Remote work is becoming more and more prevalent. Social forces and technology advances are both responsible. Some software companies are completely distributed and don’t even have a physical office. This trend in likely to become more prevalent.
My Personal Experience
I have been working remotely one or two days a week for nearly 15 years. When I started it was a very unusual request and it wasn’t easy to convince the hiring manager. I often had to start working full time in the office and after a trial period switch to partial remote work with strong promises to go back to full time in the office if it didn’t work out. I worked for four companies between 2001 and 2009 and it was the common attitude. The culture was often based on ad-hoc face to face meetings and I sometimes missed important discussions when not in the office. After 2009 the companies I worked for were much more open to the idea. Other employees sometimes worked remotely. Sometimes we had a fully remote sys admin. Chat programs were the main communication device, video chat got better so I could easily participate in meetings even when working from home.
One of the main factors in the rise of remote work was the open source movement. It proved that people that never met can collaborate effectively and create great software. Many companies embraced open source and started to contribute, brought in open source developers who advocated their open source tools and practices and one thing led to the other.
Today, the digital nomads are developers that travel the world with their laptop, work from exotic places like Thailand and as long as they are productive many companies are happy to hire them. This is often a great deal for the digital nomads that not only enjoy travel and see the world, but often also save a lot of money by operating in low-cost countries.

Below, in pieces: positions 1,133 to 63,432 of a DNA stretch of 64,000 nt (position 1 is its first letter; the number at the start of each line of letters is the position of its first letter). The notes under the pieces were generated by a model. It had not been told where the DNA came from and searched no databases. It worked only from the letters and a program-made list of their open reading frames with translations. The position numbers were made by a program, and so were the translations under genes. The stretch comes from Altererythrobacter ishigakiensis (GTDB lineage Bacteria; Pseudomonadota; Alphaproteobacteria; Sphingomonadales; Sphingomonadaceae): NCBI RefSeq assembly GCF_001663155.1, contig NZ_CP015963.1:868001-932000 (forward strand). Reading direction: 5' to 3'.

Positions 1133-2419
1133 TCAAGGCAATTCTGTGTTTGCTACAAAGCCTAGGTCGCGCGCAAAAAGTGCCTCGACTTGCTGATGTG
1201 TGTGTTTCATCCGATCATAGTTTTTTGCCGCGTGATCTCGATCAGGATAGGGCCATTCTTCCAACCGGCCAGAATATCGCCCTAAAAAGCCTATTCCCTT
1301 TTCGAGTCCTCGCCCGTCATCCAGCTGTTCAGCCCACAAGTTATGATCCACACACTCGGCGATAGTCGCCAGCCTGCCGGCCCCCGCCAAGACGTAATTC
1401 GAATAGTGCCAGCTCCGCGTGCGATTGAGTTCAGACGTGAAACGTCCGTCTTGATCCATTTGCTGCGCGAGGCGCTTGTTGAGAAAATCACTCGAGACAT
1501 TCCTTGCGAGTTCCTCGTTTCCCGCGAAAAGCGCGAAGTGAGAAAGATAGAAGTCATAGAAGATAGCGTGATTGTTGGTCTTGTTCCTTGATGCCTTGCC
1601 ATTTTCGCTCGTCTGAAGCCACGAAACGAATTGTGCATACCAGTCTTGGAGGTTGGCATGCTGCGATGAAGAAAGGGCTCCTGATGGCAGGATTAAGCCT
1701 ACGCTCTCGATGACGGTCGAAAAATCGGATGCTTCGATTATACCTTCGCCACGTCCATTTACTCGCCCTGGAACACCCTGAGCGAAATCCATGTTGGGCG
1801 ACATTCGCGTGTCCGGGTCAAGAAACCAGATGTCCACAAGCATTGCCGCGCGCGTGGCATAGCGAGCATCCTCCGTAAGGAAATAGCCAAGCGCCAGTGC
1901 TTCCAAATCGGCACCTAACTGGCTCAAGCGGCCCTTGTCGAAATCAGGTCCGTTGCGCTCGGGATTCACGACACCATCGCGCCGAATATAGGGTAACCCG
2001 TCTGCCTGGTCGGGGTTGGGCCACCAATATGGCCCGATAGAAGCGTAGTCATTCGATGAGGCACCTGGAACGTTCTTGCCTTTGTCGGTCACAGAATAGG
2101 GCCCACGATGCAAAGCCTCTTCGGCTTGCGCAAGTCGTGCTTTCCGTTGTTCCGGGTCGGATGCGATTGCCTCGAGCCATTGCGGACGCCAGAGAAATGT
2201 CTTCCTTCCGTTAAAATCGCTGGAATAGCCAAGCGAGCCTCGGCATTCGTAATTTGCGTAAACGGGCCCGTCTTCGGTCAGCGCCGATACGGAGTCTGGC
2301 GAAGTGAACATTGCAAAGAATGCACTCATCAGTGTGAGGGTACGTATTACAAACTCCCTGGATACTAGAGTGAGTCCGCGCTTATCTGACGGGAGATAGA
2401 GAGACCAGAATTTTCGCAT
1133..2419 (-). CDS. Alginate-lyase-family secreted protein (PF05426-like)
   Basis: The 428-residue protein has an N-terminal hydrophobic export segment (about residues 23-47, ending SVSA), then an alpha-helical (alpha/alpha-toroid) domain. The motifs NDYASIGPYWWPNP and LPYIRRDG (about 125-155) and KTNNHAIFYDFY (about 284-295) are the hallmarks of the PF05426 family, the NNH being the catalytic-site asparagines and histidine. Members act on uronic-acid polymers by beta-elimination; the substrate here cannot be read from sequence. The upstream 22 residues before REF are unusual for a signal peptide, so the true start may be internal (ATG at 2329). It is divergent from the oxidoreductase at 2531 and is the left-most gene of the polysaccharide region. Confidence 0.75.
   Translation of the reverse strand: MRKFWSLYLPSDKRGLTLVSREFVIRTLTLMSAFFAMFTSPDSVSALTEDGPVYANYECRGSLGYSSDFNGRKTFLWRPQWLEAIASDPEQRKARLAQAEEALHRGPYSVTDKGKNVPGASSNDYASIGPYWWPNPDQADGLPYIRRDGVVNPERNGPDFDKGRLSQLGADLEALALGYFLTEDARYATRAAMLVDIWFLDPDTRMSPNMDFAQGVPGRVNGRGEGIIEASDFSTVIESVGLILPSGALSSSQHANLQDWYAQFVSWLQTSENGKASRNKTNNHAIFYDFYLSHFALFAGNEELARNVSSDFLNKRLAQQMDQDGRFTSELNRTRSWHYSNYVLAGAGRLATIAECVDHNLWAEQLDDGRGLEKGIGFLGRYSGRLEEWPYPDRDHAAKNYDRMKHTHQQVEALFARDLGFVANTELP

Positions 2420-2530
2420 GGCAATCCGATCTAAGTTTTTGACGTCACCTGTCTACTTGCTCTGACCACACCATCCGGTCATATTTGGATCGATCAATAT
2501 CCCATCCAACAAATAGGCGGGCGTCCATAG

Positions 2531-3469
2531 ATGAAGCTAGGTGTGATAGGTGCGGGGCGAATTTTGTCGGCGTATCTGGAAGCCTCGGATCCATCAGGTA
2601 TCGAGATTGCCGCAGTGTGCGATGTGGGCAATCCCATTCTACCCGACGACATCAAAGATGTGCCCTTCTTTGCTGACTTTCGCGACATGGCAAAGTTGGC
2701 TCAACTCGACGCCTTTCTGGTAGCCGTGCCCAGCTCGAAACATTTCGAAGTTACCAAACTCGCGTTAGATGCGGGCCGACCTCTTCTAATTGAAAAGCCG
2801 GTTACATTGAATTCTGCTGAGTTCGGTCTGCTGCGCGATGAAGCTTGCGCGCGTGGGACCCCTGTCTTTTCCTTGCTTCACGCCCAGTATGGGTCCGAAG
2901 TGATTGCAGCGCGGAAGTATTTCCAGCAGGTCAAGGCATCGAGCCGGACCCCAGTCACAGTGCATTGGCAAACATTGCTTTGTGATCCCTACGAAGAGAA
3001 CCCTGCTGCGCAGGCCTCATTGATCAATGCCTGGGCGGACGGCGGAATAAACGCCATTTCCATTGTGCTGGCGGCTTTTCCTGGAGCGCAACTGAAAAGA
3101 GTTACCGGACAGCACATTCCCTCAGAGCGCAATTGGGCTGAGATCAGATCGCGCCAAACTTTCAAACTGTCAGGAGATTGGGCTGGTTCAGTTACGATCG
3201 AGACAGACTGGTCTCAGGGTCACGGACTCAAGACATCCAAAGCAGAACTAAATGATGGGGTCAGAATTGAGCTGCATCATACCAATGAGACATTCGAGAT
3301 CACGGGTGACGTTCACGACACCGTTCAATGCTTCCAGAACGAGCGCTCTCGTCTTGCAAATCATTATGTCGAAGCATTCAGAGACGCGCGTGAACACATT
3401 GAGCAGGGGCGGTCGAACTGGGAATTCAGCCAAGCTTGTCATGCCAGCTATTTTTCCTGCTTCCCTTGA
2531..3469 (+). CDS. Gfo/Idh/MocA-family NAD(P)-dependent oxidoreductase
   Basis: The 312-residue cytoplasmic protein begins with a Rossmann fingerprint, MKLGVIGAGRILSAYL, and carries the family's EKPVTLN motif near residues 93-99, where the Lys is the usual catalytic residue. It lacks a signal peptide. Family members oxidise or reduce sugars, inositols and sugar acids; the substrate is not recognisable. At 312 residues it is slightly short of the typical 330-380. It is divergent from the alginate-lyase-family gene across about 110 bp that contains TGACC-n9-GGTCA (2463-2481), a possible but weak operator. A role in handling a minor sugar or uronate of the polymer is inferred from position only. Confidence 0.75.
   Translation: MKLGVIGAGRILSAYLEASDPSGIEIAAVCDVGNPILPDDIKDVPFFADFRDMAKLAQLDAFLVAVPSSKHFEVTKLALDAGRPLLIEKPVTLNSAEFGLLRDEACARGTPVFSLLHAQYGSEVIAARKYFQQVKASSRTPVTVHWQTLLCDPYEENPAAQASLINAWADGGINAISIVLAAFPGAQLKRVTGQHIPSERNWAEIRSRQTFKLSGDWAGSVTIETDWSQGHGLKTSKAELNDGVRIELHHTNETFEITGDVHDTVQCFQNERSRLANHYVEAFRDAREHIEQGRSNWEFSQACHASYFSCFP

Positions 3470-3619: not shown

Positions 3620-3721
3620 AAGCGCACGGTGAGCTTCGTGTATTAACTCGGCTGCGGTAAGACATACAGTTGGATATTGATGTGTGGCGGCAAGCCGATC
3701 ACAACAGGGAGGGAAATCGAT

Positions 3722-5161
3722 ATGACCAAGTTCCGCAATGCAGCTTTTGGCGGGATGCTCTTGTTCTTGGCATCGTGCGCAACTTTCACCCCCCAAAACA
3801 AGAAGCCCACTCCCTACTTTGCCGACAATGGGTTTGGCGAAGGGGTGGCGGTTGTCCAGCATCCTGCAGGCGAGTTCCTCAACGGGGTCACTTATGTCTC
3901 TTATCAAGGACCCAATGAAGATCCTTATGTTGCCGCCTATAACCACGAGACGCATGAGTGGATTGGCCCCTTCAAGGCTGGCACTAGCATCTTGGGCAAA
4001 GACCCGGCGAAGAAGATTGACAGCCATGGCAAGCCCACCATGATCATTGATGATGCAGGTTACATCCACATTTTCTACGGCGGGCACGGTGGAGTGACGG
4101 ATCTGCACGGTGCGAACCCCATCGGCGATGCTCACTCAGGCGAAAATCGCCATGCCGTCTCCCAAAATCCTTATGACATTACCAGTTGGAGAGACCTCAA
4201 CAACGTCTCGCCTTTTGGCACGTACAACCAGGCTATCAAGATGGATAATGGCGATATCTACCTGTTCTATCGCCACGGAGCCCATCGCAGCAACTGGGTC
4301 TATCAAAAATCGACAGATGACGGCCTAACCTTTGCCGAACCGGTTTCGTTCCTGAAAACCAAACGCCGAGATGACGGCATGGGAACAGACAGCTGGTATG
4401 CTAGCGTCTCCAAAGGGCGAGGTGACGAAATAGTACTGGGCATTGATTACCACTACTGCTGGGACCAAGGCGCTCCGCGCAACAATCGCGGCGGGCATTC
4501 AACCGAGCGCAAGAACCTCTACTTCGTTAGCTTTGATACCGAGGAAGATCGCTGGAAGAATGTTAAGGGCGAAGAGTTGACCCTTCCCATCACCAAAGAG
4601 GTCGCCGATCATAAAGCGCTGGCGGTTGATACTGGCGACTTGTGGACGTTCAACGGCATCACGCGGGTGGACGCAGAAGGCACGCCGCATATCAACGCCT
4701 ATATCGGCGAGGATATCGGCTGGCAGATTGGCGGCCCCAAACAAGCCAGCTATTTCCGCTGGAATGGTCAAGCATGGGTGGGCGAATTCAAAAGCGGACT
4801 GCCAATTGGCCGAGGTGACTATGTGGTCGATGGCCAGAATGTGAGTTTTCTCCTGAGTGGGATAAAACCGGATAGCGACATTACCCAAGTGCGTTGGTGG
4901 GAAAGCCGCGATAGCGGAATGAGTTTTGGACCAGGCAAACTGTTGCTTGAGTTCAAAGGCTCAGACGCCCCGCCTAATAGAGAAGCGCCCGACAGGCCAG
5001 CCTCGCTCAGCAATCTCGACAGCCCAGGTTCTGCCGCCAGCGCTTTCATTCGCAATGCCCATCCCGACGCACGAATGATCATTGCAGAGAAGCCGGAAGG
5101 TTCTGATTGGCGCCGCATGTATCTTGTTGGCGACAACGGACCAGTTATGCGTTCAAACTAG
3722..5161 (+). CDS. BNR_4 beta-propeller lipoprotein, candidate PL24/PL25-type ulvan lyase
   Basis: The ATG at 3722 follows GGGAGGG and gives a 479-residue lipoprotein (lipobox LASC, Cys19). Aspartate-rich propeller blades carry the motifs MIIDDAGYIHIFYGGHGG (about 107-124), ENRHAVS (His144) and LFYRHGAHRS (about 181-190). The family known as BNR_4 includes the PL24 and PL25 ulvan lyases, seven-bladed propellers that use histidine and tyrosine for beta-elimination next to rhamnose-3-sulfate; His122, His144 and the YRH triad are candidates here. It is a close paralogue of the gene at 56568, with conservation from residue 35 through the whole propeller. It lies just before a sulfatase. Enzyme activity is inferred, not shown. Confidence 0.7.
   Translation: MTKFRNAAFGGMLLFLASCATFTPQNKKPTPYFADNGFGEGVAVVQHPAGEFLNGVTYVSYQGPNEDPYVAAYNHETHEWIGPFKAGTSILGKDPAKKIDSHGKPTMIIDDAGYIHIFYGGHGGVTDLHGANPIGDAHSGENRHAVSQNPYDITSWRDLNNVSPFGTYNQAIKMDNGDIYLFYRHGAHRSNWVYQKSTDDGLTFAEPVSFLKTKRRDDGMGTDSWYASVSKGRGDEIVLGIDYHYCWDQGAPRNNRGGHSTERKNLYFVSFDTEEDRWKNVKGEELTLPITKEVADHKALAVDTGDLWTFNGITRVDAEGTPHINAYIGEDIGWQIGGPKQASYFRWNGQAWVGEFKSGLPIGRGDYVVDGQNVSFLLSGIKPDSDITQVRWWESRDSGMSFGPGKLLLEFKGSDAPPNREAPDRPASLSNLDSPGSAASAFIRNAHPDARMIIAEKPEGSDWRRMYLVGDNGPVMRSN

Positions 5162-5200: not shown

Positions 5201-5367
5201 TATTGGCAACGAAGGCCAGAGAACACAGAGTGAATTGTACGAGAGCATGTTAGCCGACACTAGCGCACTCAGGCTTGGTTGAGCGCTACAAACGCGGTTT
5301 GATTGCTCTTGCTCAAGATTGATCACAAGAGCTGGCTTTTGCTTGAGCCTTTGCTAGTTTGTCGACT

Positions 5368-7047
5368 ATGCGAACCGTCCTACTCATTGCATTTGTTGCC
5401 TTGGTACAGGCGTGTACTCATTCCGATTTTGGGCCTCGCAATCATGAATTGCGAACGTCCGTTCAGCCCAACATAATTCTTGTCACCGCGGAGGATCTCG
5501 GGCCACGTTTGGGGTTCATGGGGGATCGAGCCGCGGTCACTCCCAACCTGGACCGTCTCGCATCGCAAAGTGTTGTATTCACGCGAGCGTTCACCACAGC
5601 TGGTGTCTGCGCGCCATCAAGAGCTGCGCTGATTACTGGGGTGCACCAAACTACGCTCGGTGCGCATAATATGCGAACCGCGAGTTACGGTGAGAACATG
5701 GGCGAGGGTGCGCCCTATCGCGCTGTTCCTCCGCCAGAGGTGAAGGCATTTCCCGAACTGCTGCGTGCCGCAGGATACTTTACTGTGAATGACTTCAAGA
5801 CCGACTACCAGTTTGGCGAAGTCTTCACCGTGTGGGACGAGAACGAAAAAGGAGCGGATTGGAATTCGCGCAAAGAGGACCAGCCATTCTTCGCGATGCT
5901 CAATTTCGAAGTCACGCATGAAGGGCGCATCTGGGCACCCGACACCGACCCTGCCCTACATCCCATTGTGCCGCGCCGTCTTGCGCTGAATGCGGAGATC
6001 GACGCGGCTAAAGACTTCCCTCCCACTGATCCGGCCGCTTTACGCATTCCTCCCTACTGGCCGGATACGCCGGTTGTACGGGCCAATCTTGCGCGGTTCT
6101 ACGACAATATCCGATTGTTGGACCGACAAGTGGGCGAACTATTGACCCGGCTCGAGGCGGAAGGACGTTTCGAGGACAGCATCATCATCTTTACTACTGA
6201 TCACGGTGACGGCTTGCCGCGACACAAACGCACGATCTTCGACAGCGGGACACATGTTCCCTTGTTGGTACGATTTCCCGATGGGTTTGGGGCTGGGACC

Working from the Coffee Shop
Many people these days work some of the time from a coffee shop because they prefer the atmosphere to the office. As this became common place more people realized you don’t have to be in the office all the time to do your work
Work on the Way to Work
A similar phenomenon is people working on the train or bus on their way to work. Seeing how productive they can be raised the question of why leave home in the first place.
Ubiquitous Fast Connectivity
Wi-Fi is everywhere. Wi-Fi is fast. It is now expected that you have enough bandwidth to stream videos reliably, which is typically more that you need for standard collaboration and remote interaction.
Distributed Source Control
One of the main technologies that enabled software developers to work remotely is distributed version control systems like git and in particular github and the less popular bitbucket and gitlab. The distributed version control systems solved a huge problem and let developer work efficiently and safely even with spotty and intermittent connectivity. The pull request model became a cornerstone of many organizations and allows remote workers to fully participate.
Video chat is now ubiquitous as well. Skype, Google hangouts and even built-in video chat in HipChat allow remote workers to fully participate in office meetings. The equipment is not expensive, the setup and configuration is much easier and the quality is pretty good over a fast standard connection.
Online Office Tools
Word processing, electronic sheets, presentations all used to it be heavy native applications. But, recently all these office suites migrated to the cloud and are available from anywhere. The collaboration options are much better and remote workers can interactively edit the same document along with their office mates. Google docs leads the way here.
Collaborative Online Development Environments
Collaborative development environment are now much more common. You can edit files collaboratively, access servers remotely. This is important for security too. By using online development environment where the source code is not even present on the remote developer’s laptop you eliminate a potential risk.
The Future Is Coming
The trends are very clear. Even today, people in the same room are often absorbed with their phones and tablets and barely look at each other. Virtual reality will shape the future of interaction. I believe that in 10 years, offices will be obsolete. You’ll be able to interact with your colleagues in fully-immersive environments that replicate (with high fidelity) the important face-to-face interactions we have today.